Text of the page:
“Anglo vs Chicano: Why?” by Arthur L. Campa
- Pages: 3
- Word count: 574
- Category: Culture
A limited time offer! Get a custom sample essay written according to your requirements urgent 3h delivery guaranteedOrder Now
The differences between Anglo American and the Hispanic cultures are implicit in the conceptual content of the languages of these two civilizations, and their value systems stem from their cultural background. Arthur L. Campa talked about the heritage of the two cultures and how most modern day people express the differences amongst English and Spanish people. The Hispanic culture began in the Southwest before the English even step foot on the New World. Physically and culturally, the English and the Spanish both had robust traditions and were resistant to mix their new races. The characteristics of Hispanic people is the deeply ingrained in all walks of their life. Their attitude led to a deficiency in social qualities based on collective standards, an attitude that Hispanic do not consider negative, because it manifests a measure of resistance to standardization of individual freedom.
Initially the Anglo-American, with their diverse cultures, came to America searching for a new land to conquer, natural resources, and in the case of the missionaries, a new soul to gain for the Kingdom of Heaven. The Anglo-Americans accepted everyone, it was a place of new beginnings and safety for the outcasts. Anglo-Americans who achieve a measure of success and security by achieving the American dream found themselves with not only a few fixed rules, but cultural demands on them. The concerted plan of action, whether it is business or politics, appeared to be unreasonable for the Anglo-Americans. They had a sense of individualism, nevertheless they accomplished it through action and self-determination. On the other hand, the Hispanic way is based on community and is a culture not of rules and collective standards, but rather in a person’s momentary action. In the contrast, the Anglo-Americans strived for objectively and individualism when choosing a course of action or decision making and the Hispanics strived for respect of others in their tight knit community.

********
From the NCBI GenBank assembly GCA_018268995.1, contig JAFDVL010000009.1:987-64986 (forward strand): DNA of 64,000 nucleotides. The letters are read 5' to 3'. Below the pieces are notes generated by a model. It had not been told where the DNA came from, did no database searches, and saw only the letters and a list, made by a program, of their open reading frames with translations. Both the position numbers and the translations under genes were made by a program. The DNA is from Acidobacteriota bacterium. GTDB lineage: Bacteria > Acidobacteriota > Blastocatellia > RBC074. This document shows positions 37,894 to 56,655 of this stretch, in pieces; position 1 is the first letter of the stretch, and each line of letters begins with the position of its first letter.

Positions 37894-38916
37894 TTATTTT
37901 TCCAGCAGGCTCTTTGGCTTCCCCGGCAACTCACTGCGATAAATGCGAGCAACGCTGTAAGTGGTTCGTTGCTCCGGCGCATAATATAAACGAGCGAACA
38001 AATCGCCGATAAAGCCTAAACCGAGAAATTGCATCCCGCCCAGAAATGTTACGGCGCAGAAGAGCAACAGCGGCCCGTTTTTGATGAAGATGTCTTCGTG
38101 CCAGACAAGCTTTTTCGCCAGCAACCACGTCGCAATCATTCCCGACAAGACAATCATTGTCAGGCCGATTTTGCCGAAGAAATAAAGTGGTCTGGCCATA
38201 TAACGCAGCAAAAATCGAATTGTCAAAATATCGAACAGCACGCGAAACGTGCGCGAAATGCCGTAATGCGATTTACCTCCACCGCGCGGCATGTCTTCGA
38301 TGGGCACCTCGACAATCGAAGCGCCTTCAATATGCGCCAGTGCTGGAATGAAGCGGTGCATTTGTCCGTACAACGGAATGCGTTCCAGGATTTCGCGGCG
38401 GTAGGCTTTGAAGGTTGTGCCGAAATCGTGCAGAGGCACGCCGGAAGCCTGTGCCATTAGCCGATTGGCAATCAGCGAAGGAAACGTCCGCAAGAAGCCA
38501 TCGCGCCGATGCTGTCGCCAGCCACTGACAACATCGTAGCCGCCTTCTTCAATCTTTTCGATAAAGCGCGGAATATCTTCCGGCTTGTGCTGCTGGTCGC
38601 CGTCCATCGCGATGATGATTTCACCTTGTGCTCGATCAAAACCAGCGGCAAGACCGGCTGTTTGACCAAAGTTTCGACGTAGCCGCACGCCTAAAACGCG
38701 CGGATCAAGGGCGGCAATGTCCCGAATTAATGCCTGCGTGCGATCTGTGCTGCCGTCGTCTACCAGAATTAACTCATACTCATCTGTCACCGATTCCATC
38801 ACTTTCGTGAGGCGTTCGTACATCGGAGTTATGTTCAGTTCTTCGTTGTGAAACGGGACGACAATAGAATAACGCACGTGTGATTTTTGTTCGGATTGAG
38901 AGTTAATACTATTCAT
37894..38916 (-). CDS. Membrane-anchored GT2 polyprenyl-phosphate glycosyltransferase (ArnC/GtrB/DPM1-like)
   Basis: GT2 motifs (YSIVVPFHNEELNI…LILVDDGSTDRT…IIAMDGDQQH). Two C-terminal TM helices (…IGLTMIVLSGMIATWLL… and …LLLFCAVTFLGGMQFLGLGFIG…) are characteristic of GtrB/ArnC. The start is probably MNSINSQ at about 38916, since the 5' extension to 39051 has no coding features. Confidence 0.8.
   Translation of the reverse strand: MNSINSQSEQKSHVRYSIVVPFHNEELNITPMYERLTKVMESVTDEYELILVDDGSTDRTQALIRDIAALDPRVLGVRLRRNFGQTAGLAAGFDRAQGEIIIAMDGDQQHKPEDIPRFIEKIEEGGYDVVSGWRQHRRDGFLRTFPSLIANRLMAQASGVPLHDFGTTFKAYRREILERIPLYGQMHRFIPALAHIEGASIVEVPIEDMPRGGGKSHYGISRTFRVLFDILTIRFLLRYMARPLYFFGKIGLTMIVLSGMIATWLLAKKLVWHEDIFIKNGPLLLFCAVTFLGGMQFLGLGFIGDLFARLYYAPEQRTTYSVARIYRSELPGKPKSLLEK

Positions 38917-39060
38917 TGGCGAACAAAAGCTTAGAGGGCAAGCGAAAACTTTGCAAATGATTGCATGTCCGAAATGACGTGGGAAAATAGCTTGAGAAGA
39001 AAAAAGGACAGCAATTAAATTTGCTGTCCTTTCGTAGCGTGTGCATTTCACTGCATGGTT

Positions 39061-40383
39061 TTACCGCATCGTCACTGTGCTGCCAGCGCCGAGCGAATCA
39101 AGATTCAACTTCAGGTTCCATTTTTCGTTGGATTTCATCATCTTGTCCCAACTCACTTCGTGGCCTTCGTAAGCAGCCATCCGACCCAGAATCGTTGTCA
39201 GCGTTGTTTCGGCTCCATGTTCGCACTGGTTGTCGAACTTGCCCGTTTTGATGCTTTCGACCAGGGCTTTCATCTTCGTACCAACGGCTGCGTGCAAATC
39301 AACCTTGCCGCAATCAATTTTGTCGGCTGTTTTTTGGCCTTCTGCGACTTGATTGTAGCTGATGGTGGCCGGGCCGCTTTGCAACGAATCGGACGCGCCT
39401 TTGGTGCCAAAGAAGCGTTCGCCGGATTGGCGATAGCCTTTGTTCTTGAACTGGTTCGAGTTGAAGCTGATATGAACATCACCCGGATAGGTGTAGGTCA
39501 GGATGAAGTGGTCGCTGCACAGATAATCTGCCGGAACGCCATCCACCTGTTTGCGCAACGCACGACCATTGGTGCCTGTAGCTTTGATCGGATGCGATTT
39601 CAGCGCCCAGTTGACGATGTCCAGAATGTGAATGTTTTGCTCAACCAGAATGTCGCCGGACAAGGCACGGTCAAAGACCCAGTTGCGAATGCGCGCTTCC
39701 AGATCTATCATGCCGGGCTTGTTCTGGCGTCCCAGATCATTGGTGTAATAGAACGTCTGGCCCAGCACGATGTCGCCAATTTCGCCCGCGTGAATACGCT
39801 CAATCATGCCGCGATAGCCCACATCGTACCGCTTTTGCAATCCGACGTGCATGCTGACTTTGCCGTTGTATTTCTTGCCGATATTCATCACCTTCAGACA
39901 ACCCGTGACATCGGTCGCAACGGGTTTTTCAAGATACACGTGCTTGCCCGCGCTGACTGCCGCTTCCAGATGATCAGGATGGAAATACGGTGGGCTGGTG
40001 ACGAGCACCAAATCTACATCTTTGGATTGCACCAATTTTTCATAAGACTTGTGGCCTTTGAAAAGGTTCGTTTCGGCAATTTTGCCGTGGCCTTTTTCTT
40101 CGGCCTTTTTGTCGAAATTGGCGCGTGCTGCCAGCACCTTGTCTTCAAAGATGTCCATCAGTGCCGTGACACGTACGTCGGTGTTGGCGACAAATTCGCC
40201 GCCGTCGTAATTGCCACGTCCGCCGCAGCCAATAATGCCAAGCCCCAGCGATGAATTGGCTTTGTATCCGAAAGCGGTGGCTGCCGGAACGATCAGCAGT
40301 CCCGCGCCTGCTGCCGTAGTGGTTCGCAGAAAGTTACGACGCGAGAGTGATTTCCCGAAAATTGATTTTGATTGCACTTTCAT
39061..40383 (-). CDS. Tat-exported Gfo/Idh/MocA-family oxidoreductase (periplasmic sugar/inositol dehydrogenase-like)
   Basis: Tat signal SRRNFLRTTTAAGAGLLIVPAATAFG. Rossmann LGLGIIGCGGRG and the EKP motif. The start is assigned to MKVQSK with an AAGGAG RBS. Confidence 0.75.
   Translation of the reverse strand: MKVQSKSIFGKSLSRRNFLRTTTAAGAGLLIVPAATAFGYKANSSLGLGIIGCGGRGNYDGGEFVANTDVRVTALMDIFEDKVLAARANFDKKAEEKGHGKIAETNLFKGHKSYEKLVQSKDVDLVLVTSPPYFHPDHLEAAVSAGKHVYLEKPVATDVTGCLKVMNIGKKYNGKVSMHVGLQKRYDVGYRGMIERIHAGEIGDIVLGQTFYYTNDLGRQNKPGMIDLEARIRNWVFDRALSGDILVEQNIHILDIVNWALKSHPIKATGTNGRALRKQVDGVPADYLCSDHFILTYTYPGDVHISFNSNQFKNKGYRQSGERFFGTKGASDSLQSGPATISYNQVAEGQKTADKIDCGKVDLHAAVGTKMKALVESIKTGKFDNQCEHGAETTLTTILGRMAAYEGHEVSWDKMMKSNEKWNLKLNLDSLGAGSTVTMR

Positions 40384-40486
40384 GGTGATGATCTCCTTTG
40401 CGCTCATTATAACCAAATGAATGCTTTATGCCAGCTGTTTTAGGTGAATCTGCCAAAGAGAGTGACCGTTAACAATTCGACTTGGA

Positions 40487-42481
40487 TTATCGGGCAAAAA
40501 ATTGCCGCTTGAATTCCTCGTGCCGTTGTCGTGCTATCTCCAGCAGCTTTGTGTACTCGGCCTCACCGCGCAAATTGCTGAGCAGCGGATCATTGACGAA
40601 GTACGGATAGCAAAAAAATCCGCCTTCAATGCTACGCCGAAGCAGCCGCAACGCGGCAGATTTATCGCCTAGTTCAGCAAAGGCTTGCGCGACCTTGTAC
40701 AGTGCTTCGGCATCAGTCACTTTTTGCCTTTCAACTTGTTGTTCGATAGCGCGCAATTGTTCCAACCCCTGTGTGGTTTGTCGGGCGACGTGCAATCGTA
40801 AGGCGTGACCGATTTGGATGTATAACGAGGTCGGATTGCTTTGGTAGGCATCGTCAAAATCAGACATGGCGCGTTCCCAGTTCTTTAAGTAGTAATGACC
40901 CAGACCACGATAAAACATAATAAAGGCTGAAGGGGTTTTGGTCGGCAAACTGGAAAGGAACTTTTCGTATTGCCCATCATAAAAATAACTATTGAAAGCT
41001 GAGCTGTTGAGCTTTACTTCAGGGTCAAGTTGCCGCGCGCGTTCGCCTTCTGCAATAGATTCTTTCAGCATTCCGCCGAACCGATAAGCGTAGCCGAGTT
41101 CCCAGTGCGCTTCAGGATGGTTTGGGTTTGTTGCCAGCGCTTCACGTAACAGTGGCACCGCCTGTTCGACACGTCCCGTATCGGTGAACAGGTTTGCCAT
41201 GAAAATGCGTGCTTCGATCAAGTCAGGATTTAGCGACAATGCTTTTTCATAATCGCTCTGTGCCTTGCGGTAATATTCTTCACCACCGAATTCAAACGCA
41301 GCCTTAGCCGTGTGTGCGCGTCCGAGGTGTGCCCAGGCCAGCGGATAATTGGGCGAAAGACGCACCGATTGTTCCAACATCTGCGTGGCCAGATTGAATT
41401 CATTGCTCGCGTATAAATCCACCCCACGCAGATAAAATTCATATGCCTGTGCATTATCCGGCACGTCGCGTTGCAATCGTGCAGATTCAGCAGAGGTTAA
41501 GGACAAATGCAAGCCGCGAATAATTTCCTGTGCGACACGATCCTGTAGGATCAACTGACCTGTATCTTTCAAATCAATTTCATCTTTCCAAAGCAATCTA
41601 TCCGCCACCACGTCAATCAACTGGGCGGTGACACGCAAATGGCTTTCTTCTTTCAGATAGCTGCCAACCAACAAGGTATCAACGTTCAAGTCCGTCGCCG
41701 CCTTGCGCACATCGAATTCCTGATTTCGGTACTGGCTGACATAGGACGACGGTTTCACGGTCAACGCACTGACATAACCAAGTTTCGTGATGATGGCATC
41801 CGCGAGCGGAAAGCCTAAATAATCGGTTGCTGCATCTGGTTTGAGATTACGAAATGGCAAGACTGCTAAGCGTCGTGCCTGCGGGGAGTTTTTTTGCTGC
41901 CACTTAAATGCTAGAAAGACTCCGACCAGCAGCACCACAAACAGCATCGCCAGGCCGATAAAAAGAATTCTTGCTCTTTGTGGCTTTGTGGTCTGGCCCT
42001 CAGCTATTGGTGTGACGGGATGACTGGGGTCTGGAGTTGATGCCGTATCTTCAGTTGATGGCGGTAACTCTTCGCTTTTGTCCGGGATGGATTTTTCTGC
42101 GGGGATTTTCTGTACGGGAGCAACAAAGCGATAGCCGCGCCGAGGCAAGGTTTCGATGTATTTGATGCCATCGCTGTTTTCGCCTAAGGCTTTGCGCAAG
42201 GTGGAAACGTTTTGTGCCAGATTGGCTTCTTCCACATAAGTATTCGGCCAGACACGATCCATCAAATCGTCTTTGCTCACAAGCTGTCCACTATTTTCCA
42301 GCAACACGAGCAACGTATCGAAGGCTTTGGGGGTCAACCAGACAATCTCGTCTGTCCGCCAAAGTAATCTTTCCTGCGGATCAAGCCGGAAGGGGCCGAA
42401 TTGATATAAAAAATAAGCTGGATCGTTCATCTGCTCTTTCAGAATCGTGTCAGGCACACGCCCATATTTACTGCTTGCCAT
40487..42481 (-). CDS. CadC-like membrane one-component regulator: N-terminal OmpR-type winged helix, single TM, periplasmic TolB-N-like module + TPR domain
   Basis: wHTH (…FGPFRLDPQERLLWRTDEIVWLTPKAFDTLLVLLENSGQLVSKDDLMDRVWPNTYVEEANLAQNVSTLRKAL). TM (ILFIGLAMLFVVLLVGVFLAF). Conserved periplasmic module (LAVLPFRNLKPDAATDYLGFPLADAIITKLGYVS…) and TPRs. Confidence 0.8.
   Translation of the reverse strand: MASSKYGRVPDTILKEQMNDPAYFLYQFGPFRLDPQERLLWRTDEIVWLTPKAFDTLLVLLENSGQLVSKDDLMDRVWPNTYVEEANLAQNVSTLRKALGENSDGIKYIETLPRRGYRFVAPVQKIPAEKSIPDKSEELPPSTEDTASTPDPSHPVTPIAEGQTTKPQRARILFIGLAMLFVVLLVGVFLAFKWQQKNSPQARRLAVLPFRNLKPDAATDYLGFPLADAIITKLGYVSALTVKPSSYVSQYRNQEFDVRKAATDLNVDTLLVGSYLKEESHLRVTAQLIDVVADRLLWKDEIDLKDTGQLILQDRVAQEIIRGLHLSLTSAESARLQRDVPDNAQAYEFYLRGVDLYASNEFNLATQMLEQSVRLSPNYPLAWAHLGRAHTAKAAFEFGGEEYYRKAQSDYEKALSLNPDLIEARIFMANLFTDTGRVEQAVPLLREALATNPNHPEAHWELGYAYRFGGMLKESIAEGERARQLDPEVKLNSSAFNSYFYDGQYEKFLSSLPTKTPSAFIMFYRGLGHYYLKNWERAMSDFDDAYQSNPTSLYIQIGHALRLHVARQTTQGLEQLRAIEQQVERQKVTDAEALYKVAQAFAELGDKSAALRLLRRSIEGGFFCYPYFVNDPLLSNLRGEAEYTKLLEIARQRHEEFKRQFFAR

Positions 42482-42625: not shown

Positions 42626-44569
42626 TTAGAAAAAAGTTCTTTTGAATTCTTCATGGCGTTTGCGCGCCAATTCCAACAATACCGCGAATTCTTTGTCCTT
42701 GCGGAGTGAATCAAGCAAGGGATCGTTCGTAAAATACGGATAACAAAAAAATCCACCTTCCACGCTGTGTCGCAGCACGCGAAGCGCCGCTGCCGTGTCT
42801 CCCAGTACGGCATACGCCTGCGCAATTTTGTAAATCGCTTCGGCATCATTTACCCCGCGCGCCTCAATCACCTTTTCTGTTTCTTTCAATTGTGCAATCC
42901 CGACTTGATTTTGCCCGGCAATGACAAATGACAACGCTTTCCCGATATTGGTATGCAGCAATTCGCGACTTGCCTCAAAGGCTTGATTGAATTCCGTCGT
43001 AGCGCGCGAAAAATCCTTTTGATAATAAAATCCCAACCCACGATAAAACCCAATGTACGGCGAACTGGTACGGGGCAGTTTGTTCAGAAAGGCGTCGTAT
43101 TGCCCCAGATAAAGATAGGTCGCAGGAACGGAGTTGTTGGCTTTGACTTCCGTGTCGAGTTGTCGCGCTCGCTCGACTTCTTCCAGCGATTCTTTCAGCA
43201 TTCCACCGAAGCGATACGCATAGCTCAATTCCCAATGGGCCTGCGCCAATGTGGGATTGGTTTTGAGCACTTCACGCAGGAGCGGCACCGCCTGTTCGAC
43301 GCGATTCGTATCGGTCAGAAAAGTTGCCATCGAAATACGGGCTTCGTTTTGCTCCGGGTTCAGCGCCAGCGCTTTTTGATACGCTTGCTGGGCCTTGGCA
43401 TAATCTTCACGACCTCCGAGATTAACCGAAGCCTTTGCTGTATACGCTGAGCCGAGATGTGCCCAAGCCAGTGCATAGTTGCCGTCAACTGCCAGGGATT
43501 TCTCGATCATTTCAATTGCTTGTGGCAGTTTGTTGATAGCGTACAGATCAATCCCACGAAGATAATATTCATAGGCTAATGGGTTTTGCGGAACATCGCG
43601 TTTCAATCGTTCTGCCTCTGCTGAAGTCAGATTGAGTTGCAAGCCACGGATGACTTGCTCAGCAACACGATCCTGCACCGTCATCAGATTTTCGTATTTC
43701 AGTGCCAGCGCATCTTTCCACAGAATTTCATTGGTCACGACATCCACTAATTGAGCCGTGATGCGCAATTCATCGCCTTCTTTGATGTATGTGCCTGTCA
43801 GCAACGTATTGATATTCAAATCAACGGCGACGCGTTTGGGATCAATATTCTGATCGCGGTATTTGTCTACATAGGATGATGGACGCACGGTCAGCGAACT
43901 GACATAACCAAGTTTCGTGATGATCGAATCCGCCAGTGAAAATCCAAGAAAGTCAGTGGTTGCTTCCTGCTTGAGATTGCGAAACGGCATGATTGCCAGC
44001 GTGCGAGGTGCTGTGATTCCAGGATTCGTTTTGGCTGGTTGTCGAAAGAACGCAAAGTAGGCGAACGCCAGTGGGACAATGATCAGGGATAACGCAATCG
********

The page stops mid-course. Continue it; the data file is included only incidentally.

Another source of cultural conflict from the Anglo-American and the Hispanic groups is the difference between being and doing. The Englishmen took responsibility for their own actions and created a new standard for living by doing. The Anglo-American always believed that success equaled material goods. Whereas, the freedom enjoyed by individuality of being made it unnecessary for the Hispanic to strive to be materialistic. Effectiveness and actions were of the utmost importance to the Hispanics, whereas the Americans equaled success with money and valued it at the highest priority in their culture. The Hispanic people disassociated themselves from material things as well as from actions that may challenge a person’s sense of being. The Anglo-American showed great concern for material things and assumed responsibility for their own actions.
The concepts of “good or bad” or “right and wrong” in polite behavior are moral considerations of both the Anglo-American absolutist and Hispanic cultures. Similarly this appeared in both cultures as the share parts of their material substance with others. (Arthur L. Campa) The English and the Hispanic people believed in donating to charity for their needs. The pragmatic Anglo-American contributed frequently to the Red Cross, the United Fund and to a myriad of other associations. The Americans established foundations and often left millions of dollars to the institutions. While the Hispano preferred to give his contribution directly to the recipients, so he can see the person that he or she helped. Both cultures had different actions, but the Anglo and Chino have both productive results from things.